BY YVETTE ALT MILLER The singing sensation hailed from a distinguished Jewish family.
Olivia Newton-John is being mourned across the globe as a charismatic singer and the star of the 1978 hit movie Grease. Starting out in a teen band that she created when she was still a schoolgirl in Melbourne, Newton-John wowed audiences the world over in a career that spanned decades.
Yet the girl next door image that Newton-John cultivated in her long performing career hid the fact that she was a highly idealistic woman who hailed from a distinguished, intellectual family.
Newton-John was the granddaughter of one of the 20th century’s greatest scientists, the German Jewish physicist Max Born who worked with Albert Einstein and won the Nobel Prize (along with Walter Bothe) in 1954. Her family tree included professors and at least one rabbi.
Max Born and Newton-John’s Jewish Heritage
Max Born was born in 1882 in the Polish city of Breslau, into a highly cultured, academic Jewish home. His professor father hired tutors to teach Max privately, and Max soon distinguished himself in math and physics, gaining a PhD at the University of Gottingen in Germany in 1908.
His friends and colleagues read like a list of some of the greatest scientific minds of the modern age. Max Born was good friends with Albert Einstein and is credited with developing modern quantum mechanics along with Erwin Schrodinger and Werner Heisenberg.
Max married a brilliant mathematical student named Hedwig Ehrenberg, who had some Jewish heritage. Though she wasn’t Jewish herself, Hedwig was a descendent of Rabbi Philipp Ehrenberg, a German jurist and spiritual leader. Max and Hedwig had three children — two girls and a boy — though their marriage was a troubled one and they later divorced. Their daughter Irene was Olivia Newton-John’s mother.
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The family originally lived in Gottingen, where Max completed his PhD and received a job as professor. He taught there until April 1933, two months after Hitler became leader of Germany. That month, all Jewish academics in Germany were summarily fired from their jobs. Max Born accepted a temporary lectureship at the University of Cambridge, a position that saved his life and the life of his family. While he taught, Hedwig became active in trying to find jobs for the Jewish refugees who were streaming into Britain throughout the 1930s.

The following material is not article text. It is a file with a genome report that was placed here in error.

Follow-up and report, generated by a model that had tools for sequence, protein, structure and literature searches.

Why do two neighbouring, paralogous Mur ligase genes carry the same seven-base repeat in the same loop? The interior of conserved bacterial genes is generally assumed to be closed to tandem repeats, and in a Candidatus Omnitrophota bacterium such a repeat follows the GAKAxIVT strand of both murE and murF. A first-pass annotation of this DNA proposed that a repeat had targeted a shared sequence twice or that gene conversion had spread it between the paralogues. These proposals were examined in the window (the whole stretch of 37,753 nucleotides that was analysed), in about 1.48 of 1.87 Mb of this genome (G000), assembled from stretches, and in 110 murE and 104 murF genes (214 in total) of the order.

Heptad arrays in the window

Olivia Newton-John was born in Cambridge
Olivia Newton-John’s mother Irene married Brinley Newton-John, a quick-witted intellect who worked as a codebreaker during World War II, helping Britain’s MI5 break the Enigma Code in Bletchley Park. After the war, he became a linguist and professor of German. Their daughter Olivia was born in Cambridge in 1948. When Brinley accepted a job teaching German at the University of Melbourne in 1954, their family relocated to there. Olivia left behind her Jewish grandfather and built a new life in Australia.
Spokesperson for idealistic causes
As Olivia Newton-John became a superstar, she used her fame to speak out on environmental issues. After she was diagnosed with breast cancer in 1987, she worked tirelessly to support cancer charities. In 2012, she endowed the Olivia Newton-John Cancer and Wellness Center in Melbourne to help other cancer patients.
Olivia Newton-John’s idealism has much in common with her grandfather Max Born, who also used his renown to speak out about the crucial importance of working towards global peace.
Max Born is credited with saying that “Those who say the study of science make a man an atheist, must be rather silly people.” In his later life, Max Born wrote a great deal, urging people to work to make the world a better place. His talented granddaughter Olivia similarly used her platform to help make the world a little sweeter as well. — Online